- the result is machine infinity with the sign of the numerator.

- execution continues.

If, during the evaluation of an exponentiation expression, zero being raised to a negative power is encountered, the following things occur:

- the "Division by zero" error message is displayed.

- the result is positive machine infinity.

- execution continues.

If overflow occurs, the following things occur:

- the "Overflow" error message is displayed.

the result is machine infinity with the algebraically correct sign.

- execution continues.

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RELATIONAL OPERATORS

Relational operators are used to compare two values. The result of the comparison is either "true" (-1) or "false" (0) ~ This result may then be used to make a decision regarding program flow. (See "IF" statements

in a later section.)

The relational operators are:

Operator Relation Tested Example

Equality X=Y

<> Inequality X<>Y

< Less than X<Y

> Greater than X>Y

<= Less than or equal to X<=Y

>= Greater than or equal to X>=y

(The equal sign is also used to assign a value to a variable. See "LET"

statements in a later section.)

When arithmetic and relational operators are combined in one expres- sion, the arithmetic is always performed first. For example, the ex- pression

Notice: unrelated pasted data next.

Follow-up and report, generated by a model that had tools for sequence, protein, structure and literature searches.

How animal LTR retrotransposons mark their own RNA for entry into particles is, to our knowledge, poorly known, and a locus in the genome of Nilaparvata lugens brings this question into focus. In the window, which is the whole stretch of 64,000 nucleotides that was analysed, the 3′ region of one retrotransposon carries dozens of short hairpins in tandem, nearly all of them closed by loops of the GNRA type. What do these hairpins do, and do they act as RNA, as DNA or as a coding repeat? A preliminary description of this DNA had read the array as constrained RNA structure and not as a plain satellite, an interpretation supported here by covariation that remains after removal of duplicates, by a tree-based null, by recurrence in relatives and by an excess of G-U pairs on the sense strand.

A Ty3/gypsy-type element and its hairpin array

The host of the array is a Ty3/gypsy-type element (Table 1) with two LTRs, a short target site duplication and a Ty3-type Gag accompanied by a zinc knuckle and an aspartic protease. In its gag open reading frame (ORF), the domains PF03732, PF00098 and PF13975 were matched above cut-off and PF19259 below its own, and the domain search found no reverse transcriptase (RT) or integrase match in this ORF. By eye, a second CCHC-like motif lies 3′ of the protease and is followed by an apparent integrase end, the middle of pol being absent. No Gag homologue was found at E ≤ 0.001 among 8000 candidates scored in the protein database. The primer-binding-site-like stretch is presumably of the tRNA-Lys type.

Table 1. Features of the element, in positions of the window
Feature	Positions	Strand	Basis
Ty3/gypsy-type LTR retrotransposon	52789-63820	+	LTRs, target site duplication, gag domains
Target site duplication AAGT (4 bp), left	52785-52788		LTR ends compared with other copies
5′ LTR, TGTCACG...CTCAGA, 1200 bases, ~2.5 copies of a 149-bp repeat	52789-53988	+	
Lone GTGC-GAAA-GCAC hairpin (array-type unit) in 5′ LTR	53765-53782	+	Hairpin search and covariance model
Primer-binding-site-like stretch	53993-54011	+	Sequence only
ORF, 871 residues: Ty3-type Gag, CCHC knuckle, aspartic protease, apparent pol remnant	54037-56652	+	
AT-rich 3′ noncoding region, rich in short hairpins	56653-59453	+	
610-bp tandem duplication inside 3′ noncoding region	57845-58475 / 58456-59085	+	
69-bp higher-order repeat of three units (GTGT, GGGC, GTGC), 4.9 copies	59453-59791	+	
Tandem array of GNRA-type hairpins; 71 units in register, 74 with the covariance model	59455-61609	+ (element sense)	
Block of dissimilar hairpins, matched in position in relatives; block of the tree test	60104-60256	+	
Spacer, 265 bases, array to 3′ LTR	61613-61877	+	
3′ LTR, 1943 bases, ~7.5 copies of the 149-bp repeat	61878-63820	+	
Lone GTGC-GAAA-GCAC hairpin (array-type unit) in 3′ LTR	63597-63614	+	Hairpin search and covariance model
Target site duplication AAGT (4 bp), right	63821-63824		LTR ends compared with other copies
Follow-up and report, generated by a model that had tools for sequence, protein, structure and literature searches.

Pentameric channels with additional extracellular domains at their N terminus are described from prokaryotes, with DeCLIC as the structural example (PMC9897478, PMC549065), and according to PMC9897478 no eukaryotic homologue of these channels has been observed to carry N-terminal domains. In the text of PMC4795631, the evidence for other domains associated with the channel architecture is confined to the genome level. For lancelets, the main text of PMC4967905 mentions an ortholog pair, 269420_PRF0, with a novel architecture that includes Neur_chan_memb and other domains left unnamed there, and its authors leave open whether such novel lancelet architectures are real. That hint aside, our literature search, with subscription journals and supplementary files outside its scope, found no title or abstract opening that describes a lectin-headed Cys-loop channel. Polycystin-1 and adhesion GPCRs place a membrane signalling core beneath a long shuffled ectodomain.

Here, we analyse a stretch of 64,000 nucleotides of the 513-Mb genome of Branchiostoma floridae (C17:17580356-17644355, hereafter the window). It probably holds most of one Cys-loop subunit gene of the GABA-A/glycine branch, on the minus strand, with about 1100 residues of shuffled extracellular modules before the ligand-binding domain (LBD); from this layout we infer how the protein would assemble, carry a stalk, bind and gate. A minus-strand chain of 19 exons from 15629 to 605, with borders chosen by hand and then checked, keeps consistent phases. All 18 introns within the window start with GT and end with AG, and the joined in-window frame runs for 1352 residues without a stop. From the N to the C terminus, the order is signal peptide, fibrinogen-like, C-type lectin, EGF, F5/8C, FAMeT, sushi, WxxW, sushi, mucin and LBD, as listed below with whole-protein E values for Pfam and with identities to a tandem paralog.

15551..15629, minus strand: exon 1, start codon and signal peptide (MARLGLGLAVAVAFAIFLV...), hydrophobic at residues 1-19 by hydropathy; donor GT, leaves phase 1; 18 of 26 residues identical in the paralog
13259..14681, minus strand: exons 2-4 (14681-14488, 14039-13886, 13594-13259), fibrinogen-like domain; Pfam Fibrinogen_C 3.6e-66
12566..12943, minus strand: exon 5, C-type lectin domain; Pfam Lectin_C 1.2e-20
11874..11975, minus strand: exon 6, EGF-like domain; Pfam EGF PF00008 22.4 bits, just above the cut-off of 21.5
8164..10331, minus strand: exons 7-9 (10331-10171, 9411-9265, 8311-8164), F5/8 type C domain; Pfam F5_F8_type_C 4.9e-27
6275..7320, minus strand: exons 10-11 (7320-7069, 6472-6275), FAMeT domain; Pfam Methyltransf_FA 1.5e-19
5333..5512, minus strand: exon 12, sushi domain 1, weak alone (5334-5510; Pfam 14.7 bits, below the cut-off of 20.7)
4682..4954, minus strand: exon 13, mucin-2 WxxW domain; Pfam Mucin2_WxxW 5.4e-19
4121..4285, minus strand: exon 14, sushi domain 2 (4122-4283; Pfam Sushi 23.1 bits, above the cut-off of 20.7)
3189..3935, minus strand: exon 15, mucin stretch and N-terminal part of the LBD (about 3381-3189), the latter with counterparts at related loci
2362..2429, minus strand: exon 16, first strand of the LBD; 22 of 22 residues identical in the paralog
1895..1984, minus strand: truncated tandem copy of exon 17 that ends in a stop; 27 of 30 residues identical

X+Y< (T-l) /Z

is true if the value of X plus Y is less than the value of T minus 1 divided by

z.

Examples

IF SIN(X)<0 GOTO 1000 IF 1**2<>0 THEN K=K+l

LOGICAL OPERATORS

Logical operators perform tests on multiple relations, bit manipula- tion, or Boolean operations. The logical operator returns a bitwise result which is either "true" (not zero) or "false" (zero). In an ex- pression, logical operations are performed after arithmetic and relational operations. The outcome of a logical operation is determined as shown in the table below. the operators are listed in order of pre- cedence.

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UNIBASIC

RELATIONAL OPERATORS TRUTH TABLE

NOT

X NOT X

(3 1

1 (3

AND

X Y X AND Y

(3 (3 (3

(3 1 (3

1 (3 (3

1 1 1

OR

X Y X OR Y

(3 (3 (3

(3 1 1

1 (3 1

1 1 1

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Just as the relational operators can be used to make decisions regard- ing program flow, logical operators can connect two or more relations and return a true or false value to be used in a decision (see "IF"

statements in a later section).

Examples

IF C<250 AND F<5 THEN 80 IF 1)10 OR K<0 THEN 50 IF NOT P THEN 100

Logical operators work by con~erting their operands to 16-bit, signed, two's complement integers In the range -32767 to 32767. (if the operands are not in this range, an error results.) If both operands are supplied as 0 or -1, logical operators return 0 or -1. The given operation is performed on these integers in bitwise fashion, i.e., each bit of the result is determined by the corresponding bits in the two operands.

Thus, i t is possible to use logical operators to test bytes for a particular bit pattern. For instance, the AND operator may be used to

"mask" all but one of the bits of a status byte at a machine I/O port.

The OR operator may be used to merge two bytes to create a particular binary value. The following examples will help demonstrate how the logical operators work.

63 AND 16

=

16

15 AND 14 14

-1 AND 8 8

4 OR 2 6

10 OR 10 10 -lOR -2 -1

NOT X=-(X+1)

63 16

binary 111111 and 16

=

binary 010~00, so 63 AND

16 (binary 0010000)